WOLF SONG (Victor Fleming 1929):  This was the concluding film of the festival, a silent Western melodrama directed by Victor Fleming with a script written by John Farrow.  Cooper plays a rugged 'mountain man' who in his travels meets and falls in love with beautiful Mexican ingénue Lupe Velez. The struggle to maintain their relationship in face of Cooper's character's reluctance to be tied down creates the primary drama.  This one had terrific acting by the leads, and solid support comes from Louis Wolheim as his sidekick.  What distinguished this film for me was the emotional resonance and the final payoff, when Cooper had to literally crawl on his knees back to his love to gain her forgiveness.  It was working on this film that Cooper and Velez started a romantic relationship that lasted a few years.  Their chemistry in the film oozes from the screen. 

DUDE RANCH (Frank Tuttle, 1931)-- This was a farce in which enterprising business owners run a fake 'Dude Ranch' as a tourist attraction. The trouble?  Not enough going on threatens business.  So they hire a family of traveling circus performers to impersonate cowboys to liven things up with horses, gunfights and the like.  This showcases the comic skill of Jack Oakie who was in his element here with his double takes and 'aw shucks' charm-oozing persona.  Eugene Pallette is also tremendously entertaining with and also despite his totally un-PC act as a Native American.  Great example of verbal and physical comedy at a breakneck pace. I'd love to see this movie discussed in TCM's Slapstick course!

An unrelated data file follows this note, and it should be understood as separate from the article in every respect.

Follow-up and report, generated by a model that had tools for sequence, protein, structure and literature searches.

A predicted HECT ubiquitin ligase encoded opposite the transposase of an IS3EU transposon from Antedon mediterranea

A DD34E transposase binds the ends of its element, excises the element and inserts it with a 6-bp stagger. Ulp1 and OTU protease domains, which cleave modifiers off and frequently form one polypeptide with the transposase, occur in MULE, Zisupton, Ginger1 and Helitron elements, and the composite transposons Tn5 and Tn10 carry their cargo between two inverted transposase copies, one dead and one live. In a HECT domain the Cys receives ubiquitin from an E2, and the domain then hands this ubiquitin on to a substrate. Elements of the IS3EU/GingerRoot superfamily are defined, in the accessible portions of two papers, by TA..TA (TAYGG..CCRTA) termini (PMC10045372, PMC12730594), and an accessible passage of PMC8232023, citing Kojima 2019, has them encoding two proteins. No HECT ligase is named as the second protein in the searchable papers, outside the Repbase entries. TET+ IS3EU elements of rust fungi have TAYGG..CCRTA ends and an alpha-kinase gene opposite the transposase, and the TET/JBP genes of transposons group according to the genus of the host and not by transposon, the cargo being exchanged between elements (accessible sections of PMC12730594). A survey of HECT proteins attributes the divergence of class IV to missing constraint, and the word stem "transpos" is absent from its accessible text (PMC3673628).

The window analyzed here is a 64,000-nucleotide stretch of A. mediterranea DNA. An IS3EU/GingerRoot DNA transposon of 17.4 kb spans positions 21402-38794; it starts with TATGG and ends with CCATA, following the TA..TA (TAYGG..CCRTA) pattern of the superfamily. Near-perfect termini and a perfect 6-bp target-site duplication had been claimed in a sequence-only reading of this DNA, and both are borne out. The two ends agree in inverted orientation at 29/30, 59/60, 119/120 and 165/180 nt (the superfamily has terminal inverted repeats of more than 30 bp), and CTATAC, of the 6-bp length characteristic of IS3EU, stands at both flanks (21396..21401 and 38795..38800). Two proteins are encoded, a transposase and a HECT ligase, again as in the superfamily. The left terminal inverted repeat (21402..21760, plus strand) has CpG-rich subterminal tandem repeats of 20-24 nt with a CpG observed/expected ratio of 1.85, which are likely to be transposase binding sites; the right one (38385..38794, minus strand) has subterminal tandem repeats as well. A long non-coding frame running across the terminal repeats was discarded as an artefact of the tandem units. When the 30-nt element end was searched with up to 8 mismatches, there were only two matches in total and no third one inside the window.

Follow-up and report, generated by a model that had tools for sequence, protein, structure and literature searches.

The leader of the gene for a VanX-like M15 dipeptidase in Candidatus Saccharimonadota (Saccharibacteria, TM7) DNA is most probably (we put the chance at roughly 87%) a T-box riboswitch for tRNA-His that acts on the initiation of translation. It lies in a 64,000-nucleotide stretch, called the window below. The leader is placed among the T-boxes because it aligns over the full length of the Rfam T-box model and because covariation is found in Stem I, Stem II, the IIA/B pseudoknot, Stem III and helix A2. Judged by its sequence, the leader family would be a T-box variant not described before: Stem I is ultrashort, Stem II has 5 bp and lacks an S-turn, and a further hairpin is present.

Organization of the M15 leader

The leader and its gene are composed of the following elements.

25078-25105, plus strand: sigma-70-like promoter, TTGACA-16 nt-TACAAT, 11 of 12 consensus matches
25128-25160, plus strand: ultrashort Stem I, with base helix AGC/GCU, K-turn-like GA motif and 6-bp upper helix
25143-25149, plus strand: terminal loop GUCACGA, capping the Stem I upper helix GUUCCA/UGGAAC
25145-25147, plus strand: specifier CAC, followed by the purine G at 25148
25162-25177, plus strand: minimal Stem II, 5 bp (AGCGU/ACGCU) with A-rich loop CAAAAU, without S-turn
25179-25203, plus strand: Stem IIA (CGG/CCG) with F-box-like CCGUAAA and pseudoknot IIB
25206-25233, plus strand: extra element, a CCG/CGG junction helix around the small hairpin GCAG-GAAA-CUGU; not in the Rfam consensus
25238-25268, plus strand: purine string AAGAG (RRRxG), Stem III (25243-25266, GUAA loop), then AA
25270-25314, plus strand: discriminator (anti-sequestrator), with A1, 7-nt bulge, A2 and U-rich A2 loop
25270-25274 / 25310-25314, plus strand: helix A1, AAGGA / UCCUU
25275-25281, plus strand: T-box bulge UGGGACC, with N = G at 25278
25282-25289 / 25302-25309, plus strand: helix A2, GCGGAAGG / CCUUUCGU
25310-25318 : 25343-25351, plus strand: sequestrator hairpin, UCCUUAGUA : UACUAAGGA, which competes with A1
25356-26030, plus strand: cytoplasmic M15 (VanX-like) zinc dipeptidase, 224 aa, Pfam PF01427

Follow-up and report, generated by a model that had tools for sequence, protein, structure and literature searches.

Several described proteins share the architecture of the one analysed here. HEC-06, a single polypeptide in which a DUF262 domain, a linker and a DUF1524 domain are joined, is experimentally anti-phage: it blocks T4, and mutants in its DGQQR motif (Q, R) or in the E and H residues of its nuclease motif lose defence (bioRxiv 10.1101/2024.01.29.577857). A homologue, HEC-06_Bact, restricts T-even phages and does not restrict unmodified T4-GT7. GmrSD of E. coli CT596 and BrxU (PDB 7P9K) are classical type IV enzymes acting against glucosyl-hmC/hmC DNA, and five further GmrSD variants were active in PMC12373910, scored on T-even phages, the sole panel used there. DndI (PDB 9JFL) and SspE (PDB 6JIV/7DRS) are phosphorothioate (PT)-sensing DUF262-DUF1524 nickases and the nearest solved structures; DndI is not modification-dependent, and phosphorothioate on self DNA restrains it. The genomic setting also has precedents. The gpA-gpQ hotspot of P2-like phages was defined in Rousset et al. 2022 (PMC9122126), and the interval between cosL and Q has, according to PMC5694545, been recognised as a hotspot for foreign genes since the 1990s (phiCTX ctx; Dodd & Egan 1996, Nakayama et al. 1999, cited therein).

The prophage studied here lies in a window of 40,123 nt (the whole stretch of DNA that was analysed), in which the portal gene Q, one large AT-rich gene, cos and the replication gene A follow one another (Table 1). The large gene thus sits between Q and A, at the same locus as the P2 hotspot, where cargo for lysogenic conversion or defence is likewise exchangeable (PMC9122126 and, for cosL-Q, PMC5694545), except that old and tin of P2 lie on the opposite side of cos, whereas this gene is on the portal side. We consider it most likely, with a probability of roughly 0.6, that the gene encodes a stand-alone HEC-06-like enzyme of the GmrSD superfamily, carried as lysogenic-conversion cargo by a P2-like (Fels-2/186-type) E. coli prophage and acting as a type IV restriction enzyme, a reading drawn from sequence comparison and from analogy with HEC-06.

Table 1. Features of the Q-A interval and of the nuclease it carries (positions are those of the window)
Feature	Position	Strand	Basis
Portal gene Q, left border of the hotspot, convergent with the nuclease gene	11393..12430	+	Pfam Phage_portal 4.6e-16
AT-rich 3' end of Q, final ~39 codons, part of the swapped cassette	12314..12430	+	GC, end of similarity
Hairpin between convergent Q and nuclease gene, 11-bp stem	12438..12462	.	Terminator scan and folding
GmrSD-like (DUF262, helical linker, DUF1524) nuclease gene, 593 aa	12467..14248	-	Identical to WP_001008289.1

THE POOR RICH (Edward Sedgwick, 1934):  Another rousing comedy with some of the best character actors to grace the screen in the 1930s, or any era. The cast is composed of Edna May Oliver, Edward Everett Horton, Andy Devine, Thelma Todd, Una O'Connor, Leila Hyams and Grant Mitchell.  All contribute in what is a master class of comic timing, both verbal and physical.  The plot concerns a brother and sister (Oliver and Horton), late of the landed upper class but now completely destitute, who return to their family home in ruins, and attempt to try to rebuild while keeping up the ruse of their class for important and class-conscious visitors.  My only complaint with this one was Thelma Todd has too little to do and didn't get to showcase her natural ebullience as a comedienne.

Honorable Mention:  THE TEXAN, also with Cooper, and the short silent drama starring Norma Talmadge called UNDER THE DAISIES

The Extras
A huge 'dealers room' in a neighboring space provided much browsing pleasure.  Original film stills and magazines in great shape, hundreds of books on film at low prices, and DVDs galore, added to the vintage feel of the festival, and I must say I enhanced my collection just a bit :

Making the festival for me was the opportunity to get to know some new film friends, some of whom I met at the Turner Classic Film Festival, and others only online.   They inspire me with their passion, knowledge, and ability to express their love for film across multiple online platforms. 

A few blogged about their experience, and @classicmoviehub and @citizenscreen created a video log:

Check out these other first-person accounts from film friends:
Raquel Strecher's account

I'm already looking forward to Capitolfest 2017 in August 2017!  The featured star will be Fay Wray.


  1. Looks like a great time and not that far from me, I'll have to make the trip sometime.

    1. Hi Kristina--it's definitely worth it for a weekend of watching unique films. Would be great to see you there!

  2. Great recap, Jocelyn! It was great seeing you at Capitolfest this year. Hope you will be back next year.

    1. Hi Colleen, thank you! I hope to be back next year, and I intend to stay for the closing night dinner with everyone. :-)